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'I want to serve my community' | People traveled from afar to show support at Andrew Brown Jr. funeral

While family and friends said their final goodbyes to Andrew Brown Jr., others who didn't know him well came to help in the service to show their support.

ELIZABETH CITY, N.C. — The family and friends of Andrew Brown Jr. are saying their final goodbyes at his funeral Monday afternoon before he is laid to rest.

This follows days of protests demanding transparency with the police body camera footage on the day Brown was shot and killed by a Pasquotank Sheriff Deputy. 

Many people traveled from all over to Elizabeth City today, just to be a part of the service and show support.

Melodie Whidbee, who spoke with 13News Now, said she performs at funeral services all the time - but never thought she'd have to come all the way back home in Elizabeth City to perform for members of her own family in a time like this.

"You know, you'd never think it would hit home," said Whidbee. "Just to have it happen here, you know, it's very heartbreaking."

Whidbee said when she heard about what happened in Elizabeth City with the death of Andrew Brown Jr. and the surrounding protests, she wanted to somehow be a part of it.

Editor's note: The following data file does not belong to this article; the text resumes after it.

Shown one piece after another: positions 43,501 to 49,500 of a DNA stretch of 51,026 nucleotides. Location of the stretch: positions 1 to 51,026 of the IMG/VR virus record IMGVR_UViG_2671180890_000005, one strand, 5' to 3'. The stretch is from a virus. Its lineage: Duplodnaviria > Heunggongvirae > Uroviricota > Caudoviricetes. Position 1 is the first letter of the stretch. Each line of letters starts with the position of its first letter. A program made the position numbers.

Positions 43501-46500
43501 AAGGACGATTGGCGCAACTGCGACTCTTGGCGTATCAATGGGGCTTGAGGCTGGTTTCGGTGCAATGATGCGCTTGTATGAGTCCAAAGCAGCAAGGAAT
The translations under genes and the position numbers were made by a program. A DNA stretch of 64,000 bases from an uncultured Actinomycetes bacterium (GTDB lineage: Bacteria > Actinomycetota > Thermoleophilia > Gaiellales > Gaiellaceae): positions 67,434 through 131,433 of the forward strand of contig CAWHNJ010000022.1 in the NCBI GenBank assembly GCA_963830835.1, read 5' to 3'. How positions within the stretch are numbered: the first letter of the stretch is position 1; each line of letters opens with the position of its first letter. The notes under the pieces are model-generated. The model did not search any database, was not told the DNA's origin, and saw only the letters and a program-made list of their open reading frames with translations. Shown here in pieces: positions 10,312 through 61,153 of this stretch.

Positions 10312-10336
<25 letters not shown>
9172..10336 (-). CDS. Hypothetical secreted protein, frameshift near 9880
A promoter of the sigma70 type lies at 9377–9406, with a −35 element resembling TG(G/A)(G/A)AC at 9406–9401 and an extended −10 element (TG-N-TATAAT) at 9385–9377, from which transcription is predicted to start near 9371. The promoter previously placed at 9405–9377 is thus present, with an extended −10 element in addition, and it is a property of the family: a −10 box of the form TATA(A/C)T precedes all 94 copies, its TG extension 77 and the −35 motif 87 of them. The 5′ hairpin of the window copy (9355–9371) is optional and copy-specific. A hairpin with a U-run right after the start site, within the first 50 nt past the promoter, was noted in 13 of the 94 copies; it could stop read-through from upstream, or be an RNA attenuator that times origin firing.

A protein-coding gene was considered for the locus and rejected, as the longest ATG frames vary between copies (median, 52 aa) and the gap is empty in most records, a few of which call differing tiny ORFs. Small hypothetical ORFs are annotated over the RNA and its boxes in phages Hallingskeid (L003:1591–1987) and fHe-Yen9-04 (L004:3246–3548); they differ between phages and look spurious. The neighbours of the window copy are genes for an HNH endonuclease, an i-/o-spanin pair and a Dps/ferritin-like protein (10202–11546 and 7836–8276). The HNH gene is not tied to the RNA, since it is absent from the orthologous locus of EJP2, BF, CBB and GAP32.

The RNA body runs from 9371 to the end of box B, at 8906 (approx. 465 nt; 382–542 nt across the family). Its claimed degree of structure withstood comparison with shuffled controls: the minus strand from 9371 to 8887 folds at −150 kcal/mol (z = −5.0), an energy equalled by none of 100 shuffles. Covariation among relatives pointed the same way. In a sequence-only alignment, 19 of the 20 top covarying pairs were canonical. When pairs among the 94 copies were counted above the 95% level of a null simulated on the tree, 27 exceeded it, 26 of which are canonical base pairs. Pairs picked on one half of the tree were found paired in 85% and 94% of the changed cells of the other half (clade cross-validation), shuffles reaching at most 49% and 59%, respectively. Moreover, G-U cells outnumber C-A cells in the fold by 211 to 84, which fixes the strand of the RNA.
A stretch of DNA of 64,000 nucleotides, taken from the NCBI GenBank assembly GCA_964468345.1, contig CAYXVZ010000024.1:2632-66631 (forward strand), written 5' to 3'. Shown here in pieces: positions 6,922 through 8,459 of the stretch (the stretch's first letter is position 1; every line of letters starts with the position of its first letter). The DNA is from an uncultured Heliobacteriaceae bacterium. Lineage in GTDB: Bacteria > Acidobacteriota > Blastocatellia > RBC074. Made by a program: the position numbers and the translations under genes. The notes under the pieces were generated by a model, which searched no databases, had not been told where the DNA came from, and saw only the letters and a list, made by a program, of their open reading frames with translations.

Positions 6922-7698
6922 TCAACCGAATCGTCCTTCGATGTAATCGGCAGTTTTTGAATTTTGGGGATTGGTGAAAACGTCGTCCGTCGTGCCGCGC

RELATED: Peaceful protesters march in Elizabeth City demanding Justice for Andrew Brown Jr. ahead of his funeral

A distant family member of the Brown family, Whidbee said she felt even more compelled to pay her respects by singing in the chorus for the funeral service at the Fountain of Life Church.

"Any way that I'm able to serve the community, any way that I'm able to serve the family to let them know that we love them and that we're here, I would definitely jump on that, and my way is to sing," explained Whidbee. 

Whidbee said not only is Brown a part of her family, but he is also a member of her community, which she has seen protest peacefully across the city over the past couple of weeks. 

Over the weekend, family and friends of Andrew Brown Jr. took to the streets to protest, continuing to demand transparency from the Pasquotank Sheriff's Office and investigators. 

Since the court ruled not to release the police body camera footage, more protests have broken out. Sheriff Tommy Wooten said he will continue to petition for the release of the video.

Whidbee said she feels proud to be from such an outspoken city and to help the family during this time.

"Honestly, I'm just hoping we can bring some type of peace and...lift a burden off of people, especially their hearts, because right now everybody is hurting and it hurts to see everyone you love hurt," said Whidbee.

The family held two separate viewings on Sunday where it was more open to the public. Monday's funeral service is limited to invitation-only.